Fear Factory – Aggression Continuum
Released: June 18, 2021
Burton C Bell I vocals
Dino Cazares I guitarist
Tony Campos I bass
Mike Heller I drums
I first heard Fear Factory in the late 90s, thanks to their video for ‘Replica’, a song that used what I would come to know as staccato (drums playing along to the guitar riff) with such devastating impact that it was a shock to the system. I smashed and devoured both Demanufacture and Obsolete, finally seeing them live at The Palace (RIP) in St Kilda in early 1999. It seemed almost impossible that they could craft a sound that was both industrial and organic, that combined sci-fi synths and drum triggers with some serious picking on guitar and bass. And of course there was Burton C Bell’s voice – the originator of the growl/sung dynamic that would become popular with the rise of Slipknot and Killswitch Engage almost a decade later. Here was a band that had a raft of influences – metal, grunge, hard rock and sci-fi films – but had created something that didn’t sound like any of them. Australia was hooked too, they made national news when fans trashed a Sydney venue after the band cancelled during a mid-90s tour. Obsolete actually went gold here before anywhere else, and they have consistently toured – both headlining, supporting bands like Metallica and Korn, and playing festivals like the Big Day Out and Soundwave. Even between founder Dino Cazares leaving and returning, and the rotation of bassists and drummers, the band have released ten albums in almost thirty years, codifying an industrial death metal sound that remains the standard bearer for the subgenre.
The reason I begin a review of a new album with such a lengthy prologue is that a band with Fear Factory’s history and influence carries a certain weight when reviewing new material. This album is particularly significant as it was initially recorded in 2018, only to sit aside while the band of Dino and Burton dealt with a multitude of legal and financial issues. After significant drama that included Dino buying Burton’s rights to the name, Burton quitting and Dino finishing the album with Mike Heller recording live drums, we finally have Aggression Continuum to add to the FF discography. It is an album that is faithful to that sonic legacy without being a slave to a template. At times though, it is overly familiar (especially compared to 2015’s Genexus) and will have some fans pondering where the band might go next.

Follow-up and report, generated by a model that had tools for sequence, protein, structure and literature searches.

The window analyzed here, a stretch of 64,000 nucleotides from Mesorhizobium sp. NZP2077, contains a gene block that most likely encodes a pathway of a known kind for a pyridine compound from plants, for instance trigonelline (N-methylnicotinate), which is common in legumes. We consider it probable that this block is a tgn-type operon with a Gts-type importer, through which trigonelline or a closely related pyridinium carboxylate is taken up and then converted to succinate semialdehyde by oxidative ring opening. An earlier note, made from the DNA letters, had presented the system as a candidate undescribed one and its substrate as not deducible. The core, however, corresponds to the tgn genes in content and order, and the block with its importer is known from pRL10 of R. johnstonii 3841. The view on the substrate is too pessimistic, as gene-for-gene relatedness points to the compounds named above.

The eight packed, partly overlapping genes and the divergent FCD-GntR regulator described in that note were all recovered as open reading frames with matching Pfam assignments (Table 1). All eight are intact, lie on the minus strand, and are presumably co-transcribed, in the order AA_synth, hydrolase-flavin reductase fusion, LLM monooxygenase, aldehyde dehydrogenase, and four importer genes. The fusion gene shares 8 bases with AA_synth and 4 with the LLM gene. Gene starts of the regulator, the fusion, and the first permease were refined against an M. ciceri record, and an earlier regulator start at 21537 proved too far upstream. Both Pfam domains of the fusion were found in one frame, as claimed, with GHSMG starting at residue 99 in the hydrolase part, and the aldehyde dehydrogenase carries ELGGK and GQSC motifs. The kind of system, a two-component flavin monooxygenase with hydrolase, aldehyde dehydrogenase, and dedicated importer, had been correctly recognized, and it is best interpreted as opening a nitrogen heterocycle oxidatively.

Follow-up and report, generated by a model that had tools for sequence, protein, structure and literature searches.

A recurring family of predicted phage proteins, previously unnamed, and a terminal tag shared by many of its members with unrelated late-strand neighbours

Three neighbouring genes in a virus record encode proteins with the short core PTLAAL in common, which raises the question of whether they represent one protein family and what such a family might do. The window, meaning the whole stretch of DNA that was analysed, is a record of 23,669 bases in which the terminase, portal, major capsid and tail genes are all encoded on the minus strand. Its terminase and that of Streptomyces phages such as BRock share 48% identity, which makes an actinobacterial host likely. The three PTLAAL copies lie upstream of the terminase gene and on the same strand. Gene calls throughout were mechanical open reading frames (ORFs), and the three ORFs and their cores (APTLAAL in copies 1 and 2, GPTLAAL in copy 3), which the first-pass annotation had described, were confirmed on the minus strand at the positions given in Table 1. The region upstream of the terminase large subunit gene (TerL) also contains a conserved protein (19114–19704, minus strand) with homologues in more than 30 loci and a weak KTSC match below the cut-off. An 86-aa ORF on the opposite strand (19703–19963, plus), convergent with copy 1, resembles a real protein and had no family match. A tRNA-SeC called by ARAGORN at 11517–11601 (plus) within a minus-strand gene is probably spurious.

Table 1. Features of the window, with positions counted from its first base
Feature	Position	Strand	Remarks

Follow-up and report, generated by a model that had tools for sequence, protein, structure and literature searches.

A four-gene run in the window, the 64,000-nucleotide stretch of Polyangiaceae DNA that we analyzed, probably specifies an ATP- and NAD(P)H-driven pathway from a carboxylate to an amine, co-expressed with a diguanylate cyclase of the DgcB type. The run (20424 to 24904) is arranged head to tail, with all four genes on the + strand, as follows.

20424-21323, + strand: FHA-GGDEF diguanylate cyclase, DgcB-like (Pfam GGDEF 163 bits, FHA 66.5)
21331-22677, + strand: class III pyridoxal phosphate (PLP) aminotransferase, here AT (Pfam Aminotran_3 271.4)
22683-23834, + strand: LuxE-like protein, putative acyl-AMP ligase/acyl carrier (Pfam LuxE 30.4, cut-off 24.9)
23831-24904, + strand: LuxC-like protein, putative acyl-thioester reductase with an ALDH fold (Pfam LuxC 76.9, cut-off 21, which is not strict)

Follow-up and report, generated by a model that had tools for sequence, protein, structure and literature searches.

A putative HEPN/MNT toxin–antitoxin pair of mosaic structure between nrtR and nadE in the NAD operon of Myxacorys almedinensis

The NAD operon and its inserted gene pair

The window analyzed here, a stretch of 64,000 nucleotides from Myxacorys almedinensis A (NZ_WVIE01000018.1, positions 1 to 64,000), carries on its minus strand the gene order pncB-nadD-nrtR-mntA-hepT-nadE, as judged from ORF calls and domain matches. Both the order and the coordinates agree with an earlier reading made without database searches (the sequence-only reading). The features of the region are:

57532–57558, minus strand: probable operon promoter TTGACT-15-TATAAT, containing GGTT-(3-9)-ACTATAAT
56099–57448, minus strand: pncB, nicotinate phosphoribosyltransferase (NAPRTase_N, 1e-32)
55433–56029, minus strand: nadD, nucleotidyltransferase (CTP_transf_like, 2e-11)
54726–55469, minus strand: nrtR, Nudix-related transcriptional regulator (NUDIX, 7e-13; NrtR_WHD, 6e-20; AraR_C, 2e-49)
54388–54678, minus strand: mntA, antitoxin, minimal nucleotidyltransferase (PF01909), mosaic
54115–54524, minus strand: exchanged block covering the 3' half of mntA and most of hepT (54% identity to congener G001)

The album features the hallmarks of nearly all Fear Factory albums: there is sample dialogue to explore the dystopian narrative the band (and fans) love. Opener ‘Recode’ invites listeners to join the resistance with the familiar Cazares guitar style over Heller’s precise drums. The synths add to the soundtrack feel, with some particularly orchestral sounding work, before Bell’s gets on the attack. The second verse adds an anvil hit (another FF staple) that just adds to the intensity. Bell sings of denying dreams, he’s the antagonist on this one, taunting the audience to “break away.” First single ‘Disruptor’ shares a lot in common with Genexus’ equivalent track ‘Soul Hacker’, with an acapella shout to kick start a driving rhythm from Dino and Mike. Again it is a powerful anthem of resistance, with hopeful inspiring lyrics to “follow your own way”. Live audiences will get a kick out of shouting “I am the disruptor!” Heller’s kick drums get an absolute blasting on the bridge too.